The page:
Units of Chapter 1 Physics and the Laws of Nature Units of Length, Mass, and Time Dimensional Analysis Significant Figures Converting Units Order-of-Magnitude Calculations Scalars and Vectors Problem Solving in Physics
1-1 Physics and the Laws of Nature Physics: the study of the fundamental laws of nature these laws can be expressed as mathematical equations much complexity can arise from relatively simple laws
1-1 Physics and the Laws of Nature Kan man med hjälp av tabellen nedan säga något om jordens form?
1-2 Units of Length, Mass, and Time SI units of length (L), mass (M), time (T): Length: the meter Was: one ten-millionth of the distance from the North Pole to the equator Now: the distance traveled by light in a vacuum in 1/299,792,458 of a second Mass: the kilogram One kilogram is the mass of a particular platinum-iridium cylinder kept at the International Bureau of Weights and Standards, Sèvres, France. Time: the second One second is the time for radiation from a cesium-133 atom to complete 9,192,631,770 oscillation cycles.
1-3 Dimensional Analysis Any valid physical formula must be dimensionally consistent – each term must have the same dimensions From the table: Distance = velocity × time Velocity = acceleration × time Energy = mass × (velocity) 2
1-4 Significant Figures accuracy of measurements is limited significant figures: the number of digits in a quantity that are known with certainty number of significant figures after multiplication or division is the number of significant figures in the least- known quantity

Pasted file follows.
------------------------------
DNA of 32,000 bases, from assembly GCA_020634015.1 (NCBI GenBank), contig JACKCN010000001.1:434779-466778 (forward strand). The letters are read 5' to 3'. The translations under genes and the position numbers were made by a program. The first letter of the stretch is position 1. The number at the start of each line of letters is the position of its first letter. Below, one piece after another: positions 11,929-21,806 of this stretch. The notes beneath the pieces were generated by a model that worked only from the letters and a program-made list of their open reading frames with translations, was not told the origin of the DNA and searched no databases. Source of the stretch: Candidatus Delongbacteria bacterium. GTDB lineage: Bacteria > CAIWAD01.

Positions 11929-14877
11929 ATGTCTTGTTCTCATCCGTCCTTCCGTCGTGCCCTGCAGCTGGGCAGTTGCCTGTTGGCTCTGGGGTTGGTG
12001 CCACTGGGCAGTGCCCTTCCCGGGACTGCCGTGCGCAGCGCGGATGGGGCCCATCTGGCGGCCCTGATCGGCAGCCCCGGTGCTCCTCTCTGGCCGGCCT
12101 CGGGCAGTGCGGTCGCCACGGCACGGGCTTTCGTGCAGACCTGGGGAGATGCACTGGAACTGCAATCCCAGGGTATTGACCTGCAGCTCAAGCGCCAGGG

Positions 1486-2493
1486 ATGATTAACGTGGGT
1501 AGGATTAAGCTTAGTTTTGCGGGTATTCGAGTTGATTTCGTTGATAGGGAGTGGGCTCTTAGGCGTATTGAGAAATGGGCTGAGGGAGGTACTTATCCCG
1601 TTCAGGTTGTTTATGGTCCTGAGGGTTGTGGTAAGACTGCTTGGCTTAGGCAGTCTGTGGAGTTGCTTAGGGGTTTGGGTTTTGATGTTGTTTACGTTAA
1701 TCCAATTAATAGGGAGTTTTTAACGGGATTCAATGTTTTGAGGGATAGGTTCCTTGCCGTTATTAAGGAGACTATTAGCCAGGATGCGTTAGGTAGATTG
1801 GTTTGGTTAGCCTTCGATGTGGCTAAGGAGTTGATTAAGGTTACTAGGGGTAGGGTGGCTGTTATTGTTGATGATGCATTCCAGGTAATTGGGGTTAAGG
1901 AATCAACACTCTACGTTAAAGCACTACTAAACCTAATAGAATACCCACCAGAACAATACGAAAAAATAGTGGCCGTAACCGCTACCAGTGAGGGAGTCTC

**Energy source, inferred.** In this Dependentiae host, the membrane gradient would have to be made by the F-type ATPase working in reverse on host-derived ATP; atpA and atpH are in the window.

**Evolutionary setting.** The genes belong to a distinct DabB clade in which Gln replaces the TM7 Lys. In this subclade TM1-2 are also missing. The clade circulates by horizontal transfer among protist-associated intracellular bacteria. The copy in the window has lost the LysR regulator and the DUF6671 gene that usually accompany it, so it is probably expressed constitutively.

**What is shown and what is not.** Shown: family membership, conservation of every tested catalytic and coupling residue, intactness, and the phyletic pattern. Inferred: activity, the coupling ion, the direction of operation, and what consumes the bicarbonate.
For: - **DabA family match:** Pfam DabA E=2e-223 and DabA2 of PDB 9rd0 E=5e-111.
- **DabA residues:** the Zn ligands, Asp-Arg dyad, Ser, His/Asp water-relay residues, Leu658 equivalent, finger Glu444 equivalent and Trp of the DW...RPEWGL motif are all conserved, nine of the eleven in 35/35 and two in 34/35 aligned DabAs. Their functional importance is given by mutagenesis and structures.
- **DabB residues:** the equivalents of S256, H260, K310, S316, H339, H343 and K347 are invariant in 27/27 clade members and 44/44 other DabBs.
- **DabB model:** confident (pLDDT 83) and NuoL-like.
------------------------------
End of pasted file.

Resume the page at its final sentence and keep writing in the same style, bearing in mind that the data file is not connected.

Example: A tortoise travels at 2.51 cm/s for 12.23 s. How far does the tortoise go? Answer: 2.51 cm/s × 12.23 s = 30.7 cm (three significant figures) 1-4 Significant Figures
Scientific Notation Leading or trailing zeroes can make it hard to determine number of significant figures: 2500, 0.000036 Each of these has two significant figures Scientific notation writes these as a number from 1-10 multiplied by a power of 10, making the number of significant figures much clearer: 2500 = 2.5 × 10 3 If we write 2.50x10 3, it has three significant figures 0.000036 = 3.6 x 10 -5
1-5 Converting Units Mindre intressant delkapitel för oss, men vi kommer att behöva omvandla 1 mi = 1609 m och kanske det är bra att komma ihåg att 36 km/h = 10 m/s Till första projektet är det bra att veta att 1 knop = 1852 m
1-6 Order-of-Magnitude Calculations Why are estimates useful? 1. as a check for a detailed calculation – if your answer is very different from your estimate, you’ve probably made an error 2. to estimate numbers where a precise calculation cannot be done
1-7 Scalars and Vectors Scalar – a numerical value. May be positive or negative. Examples: temperature, speed, height Vector – a quantity with both magnitude and direction. Examples: displacement (e.g., 10 feet north), force, magnetic field
1-8 Problem Solving in Physics No recipe or plug-and-chug works all the time, but here are some guidelines: 1. Read the problem carefully 2. Sketch the system 3. Visualize the physical process 4. Strategize 5. Identify appropriate equations 6. Solve the equations 7. Check your answer 8. Explore limits and special cases
Summary of Chapter 1 Physics is based on a small number of laws and principles Units of length are meters; of mass, kilograms; and of time, seconds All terms in an equation must have the same dimensions The result of a calculation should have only as many significant figures as the least accurate measurement used in it
Convert one unit to another by multiplying by their ratio Order-of-magnitude calculations are designed to be accurate within a power of 10 Scalars are numbers; vectors have both magnitude and direction Problem solving: read, sketch, visualize, strategize, identify equations, solve, check, explore limits Summary of Chapter 1